Late last year, we posted about a decision from Judge Connolly dismissing an action by Chromadex because Chromadex had licensed the patent to another party along with the right to sublicense, making the licensee a required party, but had failed to join that party in the complaint.
To remedy the situation, Chromadex apparently executed a new license agreement to provide Chromadex with standing to bring a complaint alone. The licensee was dissolved.
Chromadex then moved for reconsideration. Judge Connolly denied the motion. He pointed out that a plaintiff cannot rely on evidence arising after the original decision to support a motion for reconsideration:
"newly discovered evidence" within the purview of Rule 60(b )(2) . . . refers to evidence of facts in existence at the time of [the decision] of which the aggrieved party was excusably ignorant[.]
(quoting Brown v. Pa. R. Co., 282 F.2d 522, 527 (3d Cir. 1960)).
He noted that two "new factual matters" identified by the plaintiffs were "not newly available evidence for purposes of the pending motion because they did not exist at the time [the Court] issued the Revised Memorandum Opinion and Orders."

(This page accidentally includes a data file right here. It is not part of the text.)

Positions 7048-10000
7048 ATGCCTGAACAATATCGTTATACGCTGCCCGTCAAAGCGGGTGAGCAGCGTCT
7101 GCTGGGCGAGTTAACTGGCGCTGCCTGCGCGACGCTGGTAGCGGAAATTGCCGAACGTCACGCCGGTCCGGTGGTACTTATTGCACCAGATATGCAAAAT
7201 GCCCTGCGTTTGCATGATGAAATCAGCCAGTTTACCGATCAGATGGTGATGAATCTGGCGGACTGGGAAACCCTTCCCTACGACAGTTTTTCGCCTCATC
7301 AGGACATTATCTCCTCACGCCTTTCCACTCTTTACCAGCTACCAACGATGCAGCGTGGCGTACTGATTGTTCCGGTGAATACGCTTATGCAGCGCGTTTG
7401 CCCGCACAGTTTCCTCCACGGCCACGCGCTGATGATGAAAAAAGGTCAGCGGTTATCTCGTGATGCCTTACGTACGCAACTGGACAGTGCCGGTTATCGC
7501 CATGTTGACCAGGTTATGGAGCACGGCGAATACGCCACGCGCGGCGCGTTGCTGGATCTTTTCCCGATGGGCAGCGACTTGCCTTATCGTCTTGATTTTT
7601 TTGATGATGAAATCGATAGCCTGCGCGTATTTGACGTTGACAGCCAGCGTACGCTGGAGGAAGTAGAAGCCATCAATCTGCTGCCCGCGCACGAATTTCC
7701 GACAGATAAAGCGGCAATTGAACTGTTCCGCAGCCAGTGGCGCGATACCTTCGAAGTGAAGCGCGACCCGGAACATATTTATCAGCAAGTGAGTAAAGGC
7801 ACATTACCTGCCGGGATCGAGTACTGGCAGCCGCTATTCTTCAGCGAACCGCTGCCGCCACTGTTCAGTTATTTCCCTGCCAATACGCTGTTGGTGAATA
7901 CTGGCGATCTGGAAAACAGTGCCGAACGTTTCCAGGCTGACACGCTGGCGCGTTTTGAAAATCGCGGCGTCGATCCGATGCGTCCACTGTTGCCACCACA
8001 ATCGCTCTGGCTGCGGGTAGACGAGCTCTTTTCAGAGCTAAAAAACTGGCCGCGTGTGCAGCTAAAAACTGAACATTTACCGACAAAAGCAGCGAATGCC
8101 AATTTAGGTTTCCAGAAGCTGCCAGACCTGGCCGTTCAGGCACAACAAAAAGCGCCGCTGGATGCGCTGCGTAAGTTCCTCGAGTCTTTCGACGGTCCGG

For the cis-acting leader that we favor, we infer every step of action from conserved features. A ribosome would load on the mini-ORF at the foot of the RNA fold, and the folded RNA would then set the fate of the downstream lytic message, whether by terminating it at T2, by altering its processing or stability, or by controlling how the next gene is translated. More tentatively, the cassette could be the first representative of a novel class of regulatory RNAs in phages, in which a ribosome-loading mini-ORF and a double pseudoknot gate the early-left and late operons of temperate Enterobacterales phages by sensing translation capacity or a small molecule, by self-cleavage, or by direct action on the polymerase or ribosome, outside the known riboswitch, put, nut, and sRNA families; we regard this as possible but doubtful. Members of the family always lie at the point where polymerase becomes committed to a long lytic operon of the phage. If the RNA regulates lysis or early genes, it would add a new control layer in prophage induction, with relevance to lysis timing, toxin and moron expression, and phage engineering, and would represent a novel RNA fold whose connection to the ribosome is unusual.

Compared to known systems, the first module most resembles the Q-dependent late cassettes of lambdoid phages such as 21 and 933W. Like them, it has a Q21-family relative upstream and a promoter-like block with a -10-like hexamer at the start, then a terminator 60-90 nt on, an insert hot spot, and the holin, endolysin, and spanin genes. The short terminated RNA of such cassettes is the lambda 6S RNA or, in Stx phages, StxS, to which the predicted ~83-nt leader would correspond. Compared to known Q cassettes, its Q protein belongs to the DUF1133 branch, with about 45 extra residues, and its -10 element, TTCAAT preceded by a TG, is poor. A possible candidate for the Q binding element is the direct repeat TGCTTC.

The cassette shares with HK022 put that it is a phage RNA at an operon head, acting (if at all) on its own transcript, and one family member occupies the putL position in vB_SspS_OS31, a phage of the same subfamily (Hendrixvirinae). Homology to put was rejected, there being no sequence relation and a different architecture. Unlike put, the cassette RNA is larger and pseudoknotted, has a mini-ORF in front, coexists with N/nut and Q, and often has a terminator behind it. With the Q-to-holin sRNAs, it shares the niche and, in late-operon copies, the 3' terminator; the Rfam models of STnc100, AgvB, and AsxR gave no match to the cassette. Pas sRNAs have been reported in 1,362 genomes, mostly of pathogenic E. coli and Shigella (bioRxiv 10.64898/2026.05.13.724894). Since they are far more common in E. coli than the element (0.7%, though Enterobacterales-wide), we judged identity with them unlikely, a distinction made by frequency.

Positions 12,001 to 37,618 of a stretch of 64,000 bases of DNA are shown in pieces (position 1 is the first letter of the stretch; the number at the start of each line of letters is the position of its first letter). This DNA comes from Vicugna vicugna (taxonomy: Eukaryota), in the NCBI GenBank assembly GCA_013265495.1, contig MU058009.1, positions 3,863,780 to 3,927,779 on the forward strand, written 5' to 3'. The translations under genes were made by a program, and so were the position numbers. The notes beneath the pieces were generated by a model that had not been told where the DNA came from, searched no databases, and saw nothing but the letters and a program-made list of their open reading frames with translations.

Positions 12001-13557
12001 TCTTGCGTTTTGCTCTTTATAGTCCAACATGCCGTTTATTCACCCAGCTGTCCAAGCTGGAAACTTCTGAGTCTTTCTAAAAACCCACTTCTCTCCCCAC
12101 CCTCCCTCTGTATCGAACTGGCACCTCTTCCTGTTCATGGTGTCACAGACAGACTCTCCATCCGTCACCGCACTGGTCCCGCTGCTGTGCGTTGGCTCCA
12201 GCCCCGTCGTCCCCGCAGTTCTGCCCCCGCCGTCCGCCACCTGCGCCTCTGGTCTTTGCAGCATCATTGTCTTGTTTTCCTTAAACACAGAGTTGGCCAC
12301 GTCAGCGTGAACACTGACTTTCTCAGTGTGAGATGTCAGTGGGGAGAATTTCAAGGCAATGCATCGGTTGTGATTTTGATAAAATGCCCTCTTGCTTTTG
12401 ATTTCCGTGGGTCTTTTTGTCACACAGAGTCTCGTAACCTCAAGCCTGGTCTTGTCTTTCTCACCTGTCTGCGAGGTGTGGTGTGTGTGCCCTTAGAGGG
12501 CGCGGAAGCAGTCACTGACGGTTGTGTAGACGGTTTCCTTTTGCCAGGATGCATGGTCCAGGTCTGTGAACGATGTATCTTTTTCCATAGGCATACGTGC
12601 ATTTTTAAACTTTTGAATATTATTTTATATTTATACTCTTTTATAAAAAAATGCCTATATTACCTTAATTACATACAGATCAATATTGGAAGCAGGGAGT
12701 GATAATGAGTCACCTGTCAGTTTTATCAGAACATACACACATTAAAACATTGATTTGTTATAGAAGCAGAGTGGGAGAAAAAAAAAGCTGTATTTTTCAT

Judge Connolly's decision included other grounds for denial, including that Chromadex had been in control of the events:
The matters are also not fairly characterized as "not previously obtainable" because Plaintiffs point to no fact or circumstance that precluded Healthspan from dissolving or . . . ChromaDex from executing the cited amendment before [the original opinion]. Finally, the matters are not accurately described as "discovered" because ChromaDex played a role in their creation after December 17, 2020 [the date of the original opinion].
A more commonly cited description of "new evidence," for the purposes of reargument, in Howard Hess Dental Labs. Inc. v. Dentsply Int'l, Inc., seems to leave some more room for after-arising evidence:
"new evidence," for reconsideration purposes, does not refer to evidence that a party obtains or submits to the court after an adverse ruling. Rather, new evidence in this context means evidence that a party could not earlier submit to the court because that evidence was not previously available.
602 F.3d 237, 252 (3d Cir. 2010). Regardless of which definition is used, "new evidence" is a narrow concept, and litigants should bring all available pertinent evidence to the court's attention before it issues its decision.